In his speech, Trump took a conciliatory tone. He promised to be a President for everyone. He said he would invest in infrastructure, double US economic growth and to put America first but “deal fairly with everyone, all nations and all people”. However, everyone agrees that his election signals a significant change to US foreign and domestic policy.

Trump supported Brexit and is said not to be a fan of the EU. He even had Nigel Farage campaigning alongside him. Some commentators have said this could mean a stronger “special relationship”. Trump is also against the Transatlantic Trade and Investment Partnership (TTIP) between the US and EU, which would exclude the UK if it went ahead after Brexit.

Trumps notorious stance on immigration — including a pledge to bar Muslims from entering the United States — will raise concerns that talented foreign scientists will be put off from working or studying at US institutions. And it is unlikely that Trump will appoint Supreme Court judges more positively minded towards intellectual property and research in life sciences, this may prove to be a competitive advantage for the UK sector.

Proposition 61 defeated

American drug companies have also avoided price regulation in California, where Proposition 61 was defeated in a vote that happened alongside the election. The legislation aimed to cap how much the state can spend on the prescription drugs it buys through programs like Medicaid or insurance plans for state employees. If it passed, it would have been a huge change to how drug pricing operates in the US that could trigger the introduction of similar legislation across the country.

Keep calm and biotech on

As we have demonstrated since the EU Referendum result earlier this year, the strong fundamentals of our sector in the UK remain unchanged. The American election was never going to change that. Just this week Syncona revealed their part in a new £1 billion listed fund that will be a real boost for UK life sciences in the coming years, and today saw the official opening of the Francis Crick Institute in London. These are all positive developments for the UK ecosystem that will maintain and strengthen our position as the third global life sciences cluster.


Today the BIA launched the next phase of its Celebrating UK Bioscience campaign. The aim of this campaign is to showcase the great work taking place in the sector – focusing on the potential human benefits of treatments that are currently in research and development – and to bring a greater understanding of the UK biotechnology sector to new audiences.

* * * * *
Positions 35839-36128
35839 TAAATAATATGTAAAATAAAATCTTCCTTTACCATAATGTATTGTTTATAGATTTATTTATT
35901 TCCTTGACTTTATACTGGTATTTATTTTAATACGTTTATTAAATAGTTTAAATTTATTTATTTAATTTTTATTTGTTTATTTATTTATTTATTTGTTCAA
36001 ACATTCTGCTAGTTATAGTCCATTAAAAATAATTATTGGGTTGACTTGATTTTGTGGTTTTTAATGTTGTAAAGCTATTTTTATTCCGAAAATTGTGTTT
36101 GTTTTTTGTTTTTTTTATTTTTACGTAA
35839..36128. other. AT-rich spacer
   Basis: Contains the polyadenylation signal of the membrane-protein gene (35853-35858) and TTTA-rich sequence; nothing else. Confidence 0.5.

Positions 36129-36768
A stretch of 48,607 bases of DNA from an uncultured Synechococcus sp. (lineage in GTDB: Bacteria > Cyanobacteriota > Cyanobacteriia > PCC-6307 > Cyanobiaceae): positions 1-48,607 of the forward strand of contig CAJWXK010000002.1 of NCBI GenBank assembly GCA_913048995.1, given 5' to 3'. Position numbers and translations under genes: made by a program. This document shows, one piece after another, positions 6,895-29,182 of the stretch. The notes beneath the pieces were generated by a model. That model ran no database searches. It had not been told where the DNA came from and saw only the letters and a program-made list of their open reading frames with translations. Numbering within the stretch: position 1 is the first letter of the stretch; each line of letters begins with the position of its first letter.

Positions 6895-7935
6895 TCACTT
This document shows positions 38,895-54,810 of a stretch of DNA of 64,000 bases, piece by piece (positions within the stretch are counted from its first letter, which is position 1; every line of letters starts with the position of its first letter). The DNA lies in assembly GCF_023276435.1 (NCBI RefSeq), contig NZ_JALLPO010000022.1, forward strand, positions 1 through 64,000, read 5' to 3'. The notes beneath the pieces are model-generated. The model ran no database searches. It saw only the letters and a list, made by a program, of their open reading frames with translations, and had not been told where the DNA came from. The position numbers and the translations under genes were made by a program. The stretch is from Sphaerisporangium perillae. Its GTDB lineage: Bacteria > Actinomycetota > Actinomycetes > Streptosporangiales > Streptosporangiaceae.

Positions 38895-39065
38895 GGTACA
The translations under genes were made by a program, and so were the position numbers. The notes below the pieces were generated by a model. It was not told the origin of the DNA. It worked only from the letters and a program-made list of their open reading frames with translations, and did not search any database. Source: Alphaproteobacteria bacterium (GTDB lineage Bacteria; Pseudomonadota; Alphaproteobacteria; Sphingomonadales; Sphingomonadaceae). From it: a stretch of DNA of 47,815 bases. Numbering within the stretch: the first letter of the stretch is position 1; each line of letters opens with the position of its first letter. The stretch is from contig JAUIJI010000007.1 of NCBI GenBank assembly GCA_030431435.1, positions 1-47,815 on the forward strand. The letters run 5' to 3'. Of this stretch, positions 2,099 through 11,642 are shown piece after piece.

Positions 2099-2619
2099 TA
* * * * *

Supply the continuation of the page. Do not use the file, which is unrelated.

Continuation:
Biotechnology is technology based on biology, the science of life. Scientists in our sector work with living organisms to drive the development and manufacture of drug treatments, advanced therapies and diagnostic tests to support patients in the UK and beyond. The BIA is the trade association for innovative healthcare companies rooted in the UK’s bioscience base. The sector continues to evolve, investing in research and development activities, and translating research from the UK’s world leading science base into medicines to treat patients.

There is great depth and breadth in UK biotechnology: from a strong and emerging regenerative medicine and cell therapy sector, to specialist biomanufacturing companies developing therapies for cancer treatment, to personalised treatments and new antimicrobials. Advances in technologies such as synthetic biology are impacting upon the development of new types of therapeutics and new production methods. UK bioscience is not only changing lives, but saving them. It is vital that the sector continues to get the support it needs to keep this essential research and development going, now and in the future.

This campaign takes a look behind the scenes in the labs of some of our members to see what they are researching and developing and what the possible patient benefits these drugs and treatments could have in the future. The report is divided into five treatment areas: cancer, antimicrobial resistance, type one diabetes, dementia and Duchenne muscular dystrophy. Most people will be familiar with cancer and dementia, but this project wanted to look at less understood areas such as type one diabetes and antimicrobial resistance, as well as a rare disease, Duchenne muscular dystrophy, to demonstrate the breadth of scientific research and development taking place in our sector.